In the Cookie Jar

Ravioli Dolci

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I was originally planning to make a Ricotta Pie or Rice Pie for Easter, but when I was perusing recipes, I found this one for sweet fruit and nut pockets, or Ravioli Dolci, and I decided to make them instead.  They sounded interesting, they didn’t require refrigeration, and, best of all, I had everything I needed and wouldn’t have to go to the grocery store.

The recipe is from Lynne Rossetto Kasper’s book The Italian Country Table

The recipe is actually called "Apricot-Pistachio Pockets" and I really thought I had dried apricots in the pantry, but I didn’t.  So I’ve made one change – I’ve substituted golden raisins for the apricots. 

There are two components to the cookie – the pastry and the filling. 

Here’s what you need for the pastry:

1  3/4 cups unbleached all-purpose flour

1  3/4 cups cake flour

1/2 cup blanched whole almonds, finely ground

1 cup sugar

1 tsp baking powder

1/4 tsp salt

2 sticks unsalted butter, softened

shredded zest of 1/2 lemon

shredded zest of 1/2 orange

2 T light corn syrup

2-3 large eggs

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And for the filling:

Generous 1/2 cup (1/4 lb) dried apricots (or, in this version, golden raisins)

2 T sugar, or more to taste

Pinch of salt

Shredded zest of 1/2 lemon

2/3 cup water

1/4 cup dry Marsala (I didn’t have dry.  I used sweet.)

3 generous tablespoons shelled salted pistachios, coarsely chopped

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And you’ll also need

1 large egg, beaten for glaze

1/3 to 1/2 cup Galliano or grappa di Moscato (optional) (I’m not using either – I don’t have ’em)

And here’s what you do:

In large mixing bowl, thoroughly blend the flours, almonds, sugar, baking powder, and salt.  Add the softened butter and citrus zests and with your fingertips, rub together the ingredients until they resemble coarse meal. 

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In a small bowl, beat together the corn syrup and 2 eggs.  Using a fork, toss with the flour mixture until the dough is moistened and clumps together.  (I did everything in my stand mixer.)  If it seems dry, beat the remaining egg and toss with the dough to moisten.  Gather the dough into a ball, wrap in plastic, and chill 30 minutes to overnight.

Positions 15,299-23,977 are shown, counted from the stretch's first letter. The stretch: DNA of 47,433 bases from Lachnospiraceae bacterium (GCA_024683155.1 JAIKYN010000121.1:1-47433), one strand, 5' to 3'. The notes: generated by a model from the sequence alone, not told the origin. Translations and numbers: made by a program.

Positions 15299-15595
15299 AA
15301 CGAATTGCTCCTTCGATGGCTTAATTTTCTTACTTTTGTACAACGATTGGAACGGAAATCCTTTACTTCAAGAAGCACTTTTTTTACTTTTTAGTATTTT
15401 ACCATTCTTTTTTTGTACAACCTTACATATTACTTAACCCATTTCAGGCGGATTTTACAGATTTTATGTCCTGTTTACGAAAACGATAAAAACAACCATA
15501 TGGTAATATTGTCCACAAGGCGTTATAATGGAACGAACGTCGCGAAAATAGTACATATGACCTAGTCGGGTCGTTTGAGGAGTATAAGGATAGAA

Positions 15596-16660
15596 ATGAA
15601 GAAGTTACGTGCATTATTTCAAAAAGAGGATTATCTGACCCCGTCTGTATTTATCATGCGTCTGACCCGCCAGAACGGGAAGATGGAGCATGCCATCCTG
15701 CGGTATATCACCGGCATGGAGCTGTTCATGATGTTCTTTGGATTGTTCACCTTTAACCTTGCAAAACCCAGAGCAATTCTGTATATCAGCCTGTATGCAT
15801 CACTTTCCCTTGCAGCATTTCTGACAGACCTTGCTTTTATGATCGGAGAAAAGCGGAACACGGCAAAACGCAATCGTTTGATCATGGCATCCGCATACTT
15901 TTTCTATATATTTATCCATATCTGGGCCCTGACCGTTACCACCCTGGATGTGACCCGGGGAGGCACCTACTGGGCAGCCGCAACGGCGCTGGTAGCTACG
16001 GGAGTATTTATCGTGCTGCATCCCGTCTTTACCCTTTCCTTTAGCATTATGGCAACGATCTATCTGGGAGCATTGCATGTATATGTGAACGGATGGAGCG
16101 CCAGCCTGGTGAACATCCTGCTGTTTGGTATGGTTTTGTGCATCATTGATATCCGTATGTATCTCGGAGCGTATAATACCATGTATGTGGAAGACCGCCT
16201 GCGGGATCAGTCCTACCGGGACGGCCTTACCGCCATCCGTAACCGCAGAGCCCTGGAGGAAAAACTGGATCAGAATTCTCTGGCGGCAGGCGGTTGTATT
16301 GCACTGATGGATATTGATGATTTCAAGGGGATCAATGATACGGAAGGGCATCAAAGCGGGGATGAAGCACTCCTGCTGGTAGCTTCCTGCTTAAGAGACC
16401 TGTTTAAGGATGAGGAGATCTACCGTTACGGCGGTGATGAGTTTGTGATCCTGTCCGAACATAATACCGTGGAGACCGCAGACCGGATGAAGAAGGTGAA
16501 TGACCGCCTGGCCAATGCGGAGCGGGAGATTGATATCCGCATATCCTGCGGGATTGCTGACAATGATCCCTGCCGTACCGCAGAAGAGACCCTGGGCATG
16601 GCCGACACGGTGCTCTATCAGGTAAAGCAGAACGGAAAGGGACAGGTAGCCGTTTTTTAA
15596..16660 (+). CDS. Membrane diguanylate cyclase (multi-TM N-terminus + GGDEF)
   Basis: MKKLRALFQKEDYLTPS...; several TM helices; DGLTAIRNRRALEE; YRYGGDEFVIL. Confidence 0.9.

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Meanwhile, in a small saucepan, combine the apricots, 2 T sugar, the salt, lemon zest, water and Marsala. 

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Cook over low heat, covered, until the apricots are soft and the mixture is thick, 20 to 30 minutes.  If mixture is still very liquid,

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uncover and cook down.  Taste for sweetness, stirring in more sugar if needed.  Remove from the heat and cool.

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Puree the apricot mixture in a food processor. 

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Stir in the pistachios.

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Preheat the oven to 350 F.  Cover a cookie sheet with parchment paper, or butter it.  On a floured surface, roll out the pastry 1/16 inch thick. 

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Cut into rounds with a 2  1/2 inch scalloped biscuit cutter, or a drinking glass. 

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Place half of the rounds on the cookie sheet (you may need to do this in 2 batches) and top each round with 1/4 to 1/2 tsp of filling.  Moisten their rims with water.  Top with the remaining rounds and seal the edges.  Brush with the beaten egg.

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Bake 12 to 15 minutes, or until golden brown. 

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Lift off the sheet and cool on racks. 

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Store the cookies up to 10 days in a sealed tin in a cool place.  To finish with liqueur, sprinkle each cookie with about 1/4 tsp liqueur just before setting out.  (I didn’t do the liqueur part.)

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These are delicious.  I’ve never made them before, but I am definitely adding them to my cookie repertoire.  They’re sweet (clearly) and crunchy and lemony and a bit chewy.  Alex, in particular, loves them.  The book said the recipe would make about 40 cookies – I made 48 and a half.  (I miscounted and had one extra round of dough left at the end.)

So go on and give these a try.  Trust my son – he knows his cookies.

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